• The Brewery Transport Advisory Committee, with more than a
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little help from the Institute of Road Transport Engineers, last weekend staged its most successful yet Gordon Goddard fuel economy trials. These two bodies, and the individuals who gave up so much of their time for the event, should look back on it with satisfaction. Moreover, they should be applauded by the rest of the road transport industry.
In its six year history the BTAC trials, as they are commonly known, have grown from a small competition between a handful of brewers' engineers, into a source of truck performance data which attracts national, and now even international, attention. We know from the number of enquiries we received about road tests just how strong the demand is for information of this kind. The fact that this year BTAC had to turn entrants away because there was simply no more time available for them to be tested, underlines how the demand is growing.
The purchaser of a modern, new 38-tonner, can spend upwards of £50,000 on his vehicle. It's first year running costs will probably exceed that sum. Small wonder, therefore, that truck purchasers are thirsty for any independently-gathered, reliable data which will enable them to make meaningful comparisons between the performances of different models, without having to physically try each one in their fleets. Comparisons such as the BTAC trials can lead to running costs savings of thousands of pounds.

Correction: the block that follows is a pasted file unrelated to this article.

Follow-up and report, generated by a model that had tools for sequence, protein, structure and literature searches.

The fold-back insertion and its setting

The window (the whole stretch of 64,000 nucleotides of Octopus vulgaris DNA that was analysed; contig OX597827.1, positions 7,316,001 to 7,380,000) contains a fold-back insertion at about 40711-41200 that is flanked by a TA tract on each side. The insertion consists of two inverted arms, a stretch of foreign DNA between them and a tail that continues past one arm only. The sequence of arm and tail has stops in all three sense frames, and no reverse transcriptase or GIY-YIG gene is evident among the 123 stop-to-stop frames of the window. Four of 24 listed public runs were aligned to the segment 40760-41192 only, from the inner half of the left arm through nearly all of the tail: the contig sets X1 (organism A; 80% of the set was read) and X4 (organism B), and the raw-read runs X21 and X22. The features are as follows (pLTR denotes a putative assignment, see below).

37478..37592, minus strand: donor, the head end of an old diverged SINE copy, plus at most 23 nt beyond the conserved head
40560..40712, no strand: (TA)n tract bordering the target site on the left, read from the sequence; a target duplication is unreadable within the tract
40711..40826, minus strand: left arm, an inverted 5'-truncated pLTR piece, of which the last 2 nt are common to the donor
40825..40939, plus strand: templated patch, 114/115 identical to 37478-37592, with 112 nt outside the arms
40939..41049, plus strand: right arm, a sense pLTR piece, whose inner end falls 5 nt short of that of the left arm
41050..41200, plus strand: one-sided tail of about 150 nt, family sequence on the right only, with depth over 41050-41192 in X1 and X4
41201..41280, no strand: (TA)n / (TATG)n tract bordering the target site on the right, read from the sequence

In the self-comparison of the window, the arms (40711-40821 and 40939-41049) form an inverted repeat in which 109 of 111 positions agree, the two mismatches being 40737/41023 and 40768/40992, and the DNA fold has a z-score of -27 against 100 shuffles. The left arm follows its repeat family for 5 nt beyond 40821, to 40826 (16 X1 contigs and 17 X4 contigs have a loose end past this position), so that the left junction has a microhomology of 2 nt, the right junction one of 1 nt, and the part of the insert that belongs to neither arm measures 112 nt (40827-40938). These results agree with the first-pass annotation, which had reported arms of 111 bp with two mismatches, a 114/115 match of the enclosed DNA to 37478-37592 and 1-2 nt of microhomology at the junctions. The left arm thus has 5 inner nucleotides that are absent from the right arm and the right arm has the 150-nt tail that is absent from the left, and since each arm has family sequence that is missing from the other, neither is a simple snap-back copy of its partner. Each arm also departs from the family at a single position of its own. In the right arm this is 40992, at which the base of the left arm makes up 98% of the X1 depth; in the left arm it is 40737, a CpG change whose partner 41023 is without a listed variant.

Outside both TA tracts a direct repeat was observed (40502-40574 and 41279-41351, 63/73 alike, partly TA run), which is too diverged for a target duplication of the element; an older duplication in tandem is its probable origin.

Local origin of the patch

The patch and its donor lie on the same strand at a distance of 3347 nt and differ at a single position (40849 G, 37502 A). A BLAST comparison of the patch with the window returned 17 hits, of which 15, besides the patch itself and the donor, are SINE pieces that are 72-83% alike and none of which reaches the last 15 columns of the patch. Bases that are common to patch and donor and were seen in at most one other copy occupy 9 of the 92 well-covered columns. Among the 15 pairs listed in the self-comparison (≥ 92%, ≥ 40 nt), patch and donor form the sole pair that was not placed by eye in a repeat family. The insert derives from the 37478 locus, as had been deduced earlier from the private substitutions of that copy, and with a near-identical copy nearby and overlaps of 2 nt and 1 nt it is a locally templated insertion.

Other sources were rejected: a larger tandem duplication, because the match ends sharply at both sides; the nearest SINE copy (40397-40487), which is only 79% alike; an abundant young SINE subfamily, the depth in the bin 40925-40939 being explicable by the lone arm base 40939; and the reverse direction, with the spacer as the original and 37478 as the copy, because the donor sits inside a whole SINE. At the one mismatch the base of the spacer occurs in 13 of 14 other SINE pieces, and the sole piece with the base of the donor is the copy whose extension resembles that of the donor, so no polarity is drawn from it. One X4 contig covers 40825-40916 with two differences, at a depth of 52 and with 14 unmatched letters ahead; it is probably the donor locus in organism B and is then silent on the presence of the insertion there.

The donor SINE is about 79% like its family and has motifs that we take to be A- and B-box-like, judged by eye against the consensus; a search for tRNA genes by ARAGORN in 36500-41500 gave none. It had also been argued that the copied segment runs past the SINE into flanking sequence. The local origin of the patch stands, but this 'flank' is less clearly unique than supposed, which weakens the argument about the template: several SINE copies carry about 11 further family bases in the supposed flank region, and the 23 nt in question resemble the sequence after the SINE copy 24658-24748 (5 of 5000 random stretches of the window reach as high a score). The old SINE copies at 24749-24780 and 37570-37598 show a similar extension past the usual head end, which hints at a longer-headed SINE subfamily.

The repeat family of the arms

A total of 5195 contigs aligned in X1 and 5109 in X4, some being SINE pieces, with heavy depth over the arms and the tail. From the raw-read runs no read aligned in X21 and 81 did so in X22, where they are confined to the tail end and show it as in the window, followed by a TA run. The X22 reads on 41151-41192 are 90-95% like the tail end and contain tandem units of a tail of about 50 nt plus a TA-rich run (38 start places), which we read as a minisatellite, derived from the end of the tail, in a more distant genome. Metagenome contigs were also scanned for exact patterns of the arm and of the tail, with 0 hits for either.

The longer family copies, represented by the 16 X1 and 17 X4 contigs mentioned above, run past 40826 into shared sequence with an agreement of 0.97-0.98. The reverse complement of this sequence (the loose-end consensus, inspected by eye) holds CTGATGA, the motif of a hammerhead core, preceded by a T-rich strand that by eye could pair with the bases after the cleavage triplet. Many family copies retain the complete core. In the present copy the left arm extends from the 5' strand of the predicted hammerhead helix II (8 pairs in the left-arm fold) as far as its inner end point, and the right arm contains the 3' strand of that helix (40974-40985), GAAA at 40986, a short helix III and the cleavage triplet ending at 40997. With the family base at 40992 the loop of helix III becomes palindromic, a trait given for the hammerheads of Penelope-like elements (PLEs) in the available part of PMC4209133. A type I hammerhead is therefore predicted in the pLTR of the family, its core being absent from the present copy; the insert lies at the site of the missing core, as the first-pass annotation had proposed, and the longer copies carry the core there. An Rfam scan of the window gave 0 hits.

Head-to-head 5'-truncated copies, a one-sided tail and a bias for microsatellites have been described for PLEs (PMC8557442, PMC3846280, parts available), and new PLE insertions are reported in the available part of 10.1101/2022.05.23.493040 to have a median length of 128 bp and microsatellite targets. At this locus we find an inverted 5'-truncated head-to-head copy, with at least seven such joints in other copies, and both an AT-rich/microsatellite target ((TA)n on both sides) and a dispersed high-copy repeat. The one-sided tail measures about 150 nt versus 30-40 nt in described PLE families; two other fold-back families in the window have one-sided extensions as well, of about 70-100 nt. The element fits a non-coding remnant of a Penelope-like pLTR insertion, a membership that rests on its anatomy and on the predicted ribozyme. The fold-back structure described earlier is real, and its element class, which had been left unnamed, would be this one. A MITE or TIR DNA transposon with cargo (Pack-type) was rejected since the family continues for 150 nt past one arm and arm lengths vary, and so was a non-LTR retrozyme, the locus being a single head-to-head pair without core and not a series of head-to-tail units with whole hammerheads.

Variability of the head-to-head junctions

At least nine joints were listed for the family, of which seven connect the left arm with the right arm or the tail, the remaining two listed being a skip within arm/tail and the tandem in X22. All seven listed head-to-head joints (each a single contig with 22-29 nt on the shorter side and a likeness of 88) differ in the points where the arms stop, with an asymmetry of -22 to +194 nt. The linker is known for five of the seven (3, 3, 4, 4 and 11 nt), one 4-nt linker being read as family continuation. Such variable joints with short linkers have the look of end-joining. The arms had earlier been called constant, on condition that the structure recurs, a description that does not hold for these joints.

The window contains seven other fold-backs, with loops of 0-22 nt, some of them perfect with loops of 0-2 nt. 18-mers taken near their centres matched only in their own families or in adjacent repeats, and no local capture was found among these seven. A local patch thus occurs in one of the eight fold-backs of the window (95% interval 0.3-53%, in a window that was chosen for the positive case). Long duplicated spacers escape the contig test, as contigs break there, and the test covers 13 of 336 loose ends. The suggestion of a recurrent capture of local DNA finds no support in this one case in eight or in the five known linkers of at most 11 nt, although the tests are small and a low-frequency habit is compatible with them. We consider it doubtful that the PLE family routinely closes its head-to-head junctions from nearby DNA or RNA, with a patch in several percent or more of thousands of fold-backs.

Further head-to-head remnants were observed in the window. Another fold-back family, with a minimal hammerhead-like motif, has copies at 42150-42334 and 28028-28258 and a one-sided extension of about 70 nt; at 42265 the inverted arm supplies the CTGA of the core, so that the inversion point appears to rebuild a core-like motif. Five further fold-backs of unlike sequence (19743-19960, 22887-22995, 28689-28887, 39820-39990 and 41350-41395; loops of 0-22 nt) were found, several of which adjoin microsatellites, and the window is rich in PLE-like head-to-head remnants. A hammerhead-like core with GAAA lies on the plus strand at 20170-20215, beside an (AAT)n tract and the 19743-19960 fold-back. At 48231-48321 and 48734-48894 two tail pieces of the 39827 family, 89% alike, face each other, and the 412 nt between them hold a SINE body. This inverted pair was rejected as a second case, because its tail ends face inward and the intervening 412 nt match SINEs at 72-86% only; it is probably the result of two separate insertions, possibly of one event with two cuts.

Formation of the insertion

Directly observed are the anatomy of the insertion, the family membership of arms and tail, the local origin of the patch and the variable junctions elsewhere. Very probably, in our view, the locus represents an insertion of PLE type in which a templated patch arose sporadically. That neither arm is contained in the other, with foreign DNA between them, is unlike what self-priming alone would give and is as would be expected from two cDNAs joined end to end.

It would help if manufacturers' specification sheets were more uniformly compiled and less confusing. It would also help if the Department of Transport were much more open with the mass of information it gathers for type-approval purposes. Regretfully, there seems little realistic hope of improvement in either of these areas. Hence the necessity for the commercial vehicle operating industry to help itself more with events such as the Gordon Goddard trials.
Having established their importance, care must be taken to ensure that the information given is correct. Obvious errors — as happened last year — could affect the credibility of all the results, if not corrected quickly. Those who are quick to criticise, however, should remember the adage "the man who makes no mistakes, makes not hing. "
The growing sttccess of the Gordon Goddard trials are one reassuring sign, among several others like the IRTE initiative on wheel-fixing research, that representative bodies of the industry arc waking up to the fact that more action, and less talk, is taking place; and this can only be applauded.